Sunday, December 28, 2008

Target #42: The Woman on the Beach (1947, Jean Renoir)

Directed by: Jean Renoir
Written by: Mitchell Wilson (novel), J.R. Michael Hogan (adaptation), Frank Davis, Jean Renoir (screenplay)
Starring: Joan Bennett, Robert Ryan, Charles Bickford, Nan Leslie, Walter Sande, Irene Ryan, Glen Vernon

By 1947, Jean Renoir, at least indirectly, wasn't new to the American film noir style. Two years earlier, Fritz Lang had released the first of his two Renoir remakes, Scarlet Street (1945), which was based upon La Chienne / The Bitch (1931) {the second film, Human Desire (1954), was inspired by La Bête humaine / The Human Beast (1938)}. Scarlet Street notably starred Joan Bennett in a prominent role, which makes it interesting that, despite allegedly disliking that film, Renoir himself used her in his own Hollywood film noir, The Woman on the Beach (1947). It's a visually-magnificent film, with photography from Leo Tover and Harry Wild (the latter of whom shot Murder, My Sweet (1944) and Macao (1952)) that perfectly captures the mystery and eerie calm of the beach-side setting, frequently swathed in gentle clouds of mist that foreshadow the ambiguity and uncertainty of the story that follows. When we first glimpse Joan Bennett on the fog-swathed coast, collecting driftwood at the wreck of a grounded ship, she really does look ghostly and ethereal, a premonition that may or may not be real.

Robert Ryan plays Scott, a coastguard who suffers from regular night terrors concerning memories of a war-time naval tragedy, when his ship was presumably torpedoed. His dream sequences are gripping and otherwordly, recalling the excellently surreal work achieved by Renoir in his silent short film, The Little Match Girl (1928). During his nightmares, Scott imagines an underwater romantic liaison, which, before he can get intimate, unexpectedly blows up in his face; this is an apt indication of the events that unfold later in the film. Scott is engaged to marry the pretty Eve (Nan Leslie), but his attention is soon distracted by Peggy (Joan Bennett), the titular "woman on the beach." Peggy is married to Tod (Charles Bickford), a famous blind artist who is still coming to terms with his relatively recent affliction. At just 71 minutes in length, Woman on the Beach feels far too short, the apparent victim of studio interference. Scott is obviously enamoured, and later obsessed, with femme fatale Peggy, in a manner than suggests Walter Neff's fixation with Phyllis Dietrichson, but the motivations behind his actions are inadequately explored and explained.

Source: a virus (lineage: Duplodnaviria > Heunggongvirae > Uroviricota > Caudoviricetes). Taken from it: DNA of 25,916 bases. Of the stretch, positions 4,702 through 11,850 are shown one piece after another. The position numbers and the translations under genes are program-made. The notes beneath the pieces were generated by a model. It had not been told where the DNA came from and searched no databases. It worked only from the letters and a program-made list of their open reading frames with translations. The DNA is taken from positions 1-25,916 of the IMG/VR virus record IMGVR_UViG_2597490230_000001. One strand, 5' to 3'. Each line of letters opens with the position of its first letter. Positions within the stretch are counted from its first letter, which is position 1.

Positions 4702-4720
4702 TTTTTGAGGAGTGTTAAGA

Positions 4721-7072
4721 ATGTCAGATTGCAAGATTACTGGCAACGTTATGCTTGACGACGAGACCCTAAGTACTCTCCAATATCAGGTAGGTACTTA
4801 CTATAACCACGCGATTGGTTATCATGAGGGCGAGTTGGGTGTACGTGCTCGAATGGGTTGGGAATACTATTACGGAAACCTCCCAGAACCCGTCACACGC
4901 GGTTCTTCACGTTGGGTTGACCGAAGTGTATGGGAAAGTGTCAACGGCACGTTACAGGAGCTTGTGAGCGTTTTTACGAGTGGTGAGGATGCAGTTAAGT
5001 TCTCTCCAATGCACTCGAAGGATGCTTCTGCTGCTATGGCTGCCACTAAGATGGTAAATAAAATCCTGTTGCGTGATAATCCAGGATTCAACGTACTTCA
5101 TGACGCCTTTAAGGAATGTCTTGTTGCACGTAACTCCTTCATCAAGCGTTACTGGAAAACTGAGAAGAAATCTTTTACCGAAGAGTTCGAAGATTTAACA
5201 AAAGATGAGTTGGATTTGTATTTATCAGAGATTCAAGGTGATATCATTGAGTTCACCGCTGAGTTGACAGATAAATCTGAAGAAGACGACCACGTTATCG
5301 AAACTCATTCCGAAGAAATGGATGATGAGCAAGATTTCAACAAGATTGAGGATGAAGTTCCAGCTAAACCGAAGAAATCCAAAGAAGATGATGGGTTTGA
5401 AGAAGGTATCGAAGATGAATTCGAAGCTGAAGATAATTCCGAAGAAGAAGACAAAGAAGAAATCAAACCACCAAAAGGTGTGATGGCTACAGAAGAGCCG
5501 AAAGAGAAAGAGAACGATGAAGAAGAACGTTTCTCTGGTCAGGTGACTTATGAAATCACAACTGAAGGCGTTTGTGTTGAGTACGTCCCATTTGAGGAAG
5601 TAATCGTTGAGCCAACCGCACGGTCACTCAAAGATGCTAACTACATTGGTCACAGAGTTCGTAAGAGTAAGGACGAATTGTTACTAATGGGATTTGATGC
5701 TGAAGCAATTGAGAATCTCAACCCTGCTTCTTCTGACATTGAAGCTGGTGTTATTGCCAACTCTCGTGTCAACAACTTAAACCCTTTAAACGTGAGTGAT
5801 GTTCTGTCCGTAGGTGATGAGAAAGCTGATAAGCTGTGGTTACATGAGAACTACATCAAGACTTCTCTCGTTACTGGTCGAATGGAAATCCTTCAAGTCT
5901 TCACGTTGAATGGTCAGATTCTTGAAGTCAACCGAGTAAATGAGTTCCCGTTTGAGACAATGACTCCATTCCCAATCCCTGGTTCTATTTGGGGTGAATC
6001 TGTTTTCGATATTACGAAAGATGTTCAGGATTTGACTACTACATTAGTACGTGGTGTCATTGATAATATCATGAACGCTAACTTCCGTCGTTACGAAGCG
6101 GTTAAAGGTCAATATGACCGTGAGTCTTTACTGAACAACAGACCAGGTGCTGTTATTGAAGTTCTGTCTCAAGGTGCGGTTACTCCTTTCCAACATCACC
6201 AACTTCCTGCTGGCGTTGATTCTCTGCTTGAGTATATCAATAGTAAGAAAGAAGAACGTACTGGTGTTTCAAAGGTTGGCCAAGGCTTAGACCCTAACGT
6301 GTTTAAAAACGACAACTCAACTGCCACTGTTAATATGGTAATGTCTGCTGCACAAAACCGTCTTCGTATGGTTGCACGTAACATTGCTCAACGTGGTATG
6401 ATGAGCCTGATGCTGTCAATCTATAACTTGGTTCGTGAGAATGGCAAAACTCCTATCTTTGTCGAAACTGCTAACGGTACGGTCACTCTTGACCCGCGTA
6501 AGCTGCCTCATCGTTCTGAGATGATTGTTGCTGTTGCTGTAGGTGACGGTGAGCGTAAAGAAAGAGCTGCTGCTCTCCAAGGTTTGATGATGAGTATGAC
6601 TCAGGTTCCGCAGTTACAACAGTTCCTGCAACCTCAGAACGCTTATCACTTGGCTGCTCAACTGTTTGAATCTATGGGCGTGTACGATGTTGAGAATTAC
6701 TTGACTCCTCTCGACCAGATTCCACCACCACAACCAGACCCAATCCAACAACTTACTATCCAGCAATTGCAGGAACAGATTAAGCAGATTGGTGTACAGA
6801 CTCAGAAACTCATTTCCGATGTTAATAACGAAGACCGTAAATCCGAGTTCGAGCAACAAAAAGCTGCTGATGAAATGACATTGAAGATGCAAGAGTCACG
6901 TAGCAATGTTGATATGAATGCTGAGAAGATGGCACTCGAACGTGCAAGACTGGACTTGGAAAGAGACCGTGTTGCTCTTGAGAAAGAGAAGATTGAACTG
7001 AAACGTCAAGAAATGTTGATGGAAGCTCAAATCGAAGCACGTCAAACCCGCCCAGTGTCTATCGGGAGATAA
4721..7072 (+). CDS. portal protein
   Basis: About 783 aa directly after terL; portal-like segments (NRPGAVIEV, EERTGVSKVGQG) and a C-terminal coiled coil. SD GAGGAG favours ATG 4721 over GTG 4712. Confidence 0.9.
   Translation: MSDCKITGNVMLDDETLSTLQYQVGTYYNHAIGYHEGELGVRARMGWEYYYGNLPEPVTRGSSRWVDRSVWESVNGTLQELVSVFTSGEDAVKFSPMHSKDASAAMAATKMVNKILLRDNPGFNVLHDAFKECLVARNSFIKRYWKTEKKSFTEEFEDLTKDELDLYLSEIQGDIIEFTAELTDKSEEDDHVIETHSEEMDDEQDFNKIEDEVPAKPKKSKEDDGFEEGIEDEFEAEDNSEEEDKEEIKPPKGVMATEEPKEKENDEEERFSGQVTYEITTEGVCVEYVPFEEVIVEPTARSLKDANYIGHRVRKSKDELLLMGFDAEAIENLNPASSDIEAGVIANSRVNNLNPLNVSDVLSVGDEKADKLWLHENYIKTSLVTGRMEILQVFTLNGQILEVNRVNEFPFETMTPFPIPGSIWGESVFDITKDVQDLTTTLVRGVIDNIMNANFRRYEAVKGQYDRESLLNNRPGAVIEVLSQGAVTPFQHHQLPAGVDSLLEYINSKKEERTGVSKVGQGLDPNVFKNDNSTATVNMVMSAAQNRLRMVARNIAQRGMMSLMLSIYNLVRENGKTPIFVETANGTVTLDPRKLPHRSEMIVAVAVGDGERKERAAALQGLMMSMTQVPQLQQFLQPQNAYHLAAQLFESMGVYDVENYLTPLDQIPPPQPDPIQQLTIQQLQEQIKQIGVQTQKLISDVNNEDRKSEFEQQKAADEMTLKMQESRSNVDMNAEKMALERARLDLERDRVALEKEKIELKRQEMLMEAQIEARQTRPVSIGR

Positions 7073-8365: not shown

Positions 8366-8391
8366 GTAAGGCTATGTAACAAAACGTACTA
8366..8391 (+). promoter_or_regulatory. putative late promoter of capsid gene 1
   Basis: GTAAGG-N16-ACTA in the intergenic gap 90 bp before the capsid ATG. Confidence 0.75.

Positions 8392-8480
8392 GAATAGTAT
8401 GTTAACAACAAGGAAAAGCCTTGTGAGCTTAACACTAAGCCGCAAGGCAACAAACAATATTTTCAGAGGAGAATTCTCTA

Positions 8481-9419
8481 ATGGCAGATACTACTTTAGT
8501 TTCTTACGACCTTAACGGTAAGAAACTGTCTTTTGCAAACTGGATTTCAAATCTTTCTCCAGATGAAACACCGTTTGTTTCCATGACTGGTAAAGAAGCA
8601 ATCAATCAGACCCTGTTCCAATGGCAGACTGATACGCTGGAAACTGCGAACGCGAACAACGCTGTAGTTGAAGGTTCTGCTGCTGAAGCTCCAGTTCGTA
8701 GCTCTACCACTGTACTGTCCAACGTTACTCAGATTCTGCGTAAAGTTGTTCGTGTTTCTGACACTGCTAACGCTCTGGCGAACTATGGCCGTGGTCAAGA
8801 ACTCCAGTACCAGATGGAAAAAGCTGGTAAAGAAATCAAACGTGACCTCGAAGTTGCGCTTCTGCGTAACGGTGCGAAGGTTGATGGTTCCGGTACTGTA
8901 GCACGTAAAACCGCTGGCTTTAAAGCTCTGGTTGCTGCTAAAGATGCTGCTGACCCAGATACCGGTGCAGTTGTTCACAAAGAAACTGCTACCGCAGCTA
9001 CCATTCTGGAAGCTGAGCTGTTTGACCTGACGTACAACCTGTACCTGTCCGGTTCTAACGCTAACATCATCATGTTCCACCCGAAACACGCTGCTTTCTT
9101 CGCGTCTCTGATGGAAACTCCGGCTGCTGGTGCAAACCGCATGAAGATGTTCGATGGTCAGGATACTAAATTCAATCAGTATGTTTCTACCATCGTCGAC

Perhaps as a result of the studio's trimming of scenes, many plot-twists in the film seem somewhat contrived. Scott's extreme determination in proving that Tod is faking blindness feels so incredibly illogical – why, indeed, would Tod even consider such a con? Many wonderful scenes are severely hampered by the story's lack of exposition. In the film's most dramatic scene, amid the choppy waters of the Atlantic, Robert Ryan displays a frighteningly convincing rage that borders on pure psychosis, a quality that Nicholas Ray exploited five years later in On Dangerous Ground (1952). However, because Scott's obsession and emotional transformation had previously been explored so sparsely, the sequence feels, above all else, out of context. The performances are neverthless solid across the board, with Bickford probably the most impressive. Bennett's character is tantalisingly ambiguous: throughout the film, she slowly reveals herself to be nothing but a greedy tramp, though Scott insists on treating her as a tormented victim of abuse. The ending offers little in the way of resolution, reaffirming the sentiment that perhaps this film isn't all there.

Currently my #9 film of 1947:
1) Odd Man Out (Carol Reed) *
2) The Ghost and Mrs. Muir (Joseph L. Mankiewicz)
3) Monsieur Verdoux (Charles Chaplin)
4) Out of the Past (Jacques Tourneur) *
5) Dark Passage (Delmer Daves) *
6) The Lady from Shanghai (Orson Welles) *
7) They Won’t Believe Me (Irving Pichel) *
8) The Fugitive (John Ford, Emilio Fernández)
9) The Woman on the Beach (Jean Renoir) *
10) Lady in the Lake (Robert Montgomery) *

1 comment:

Anonymous said...

Hi - I'm a Renoir and Lang fan and I have Scarlet Street (which was quite dark) and The Secret Beyond the Door and Woman at the Window. I enjoyed your review and your project sounds interesting!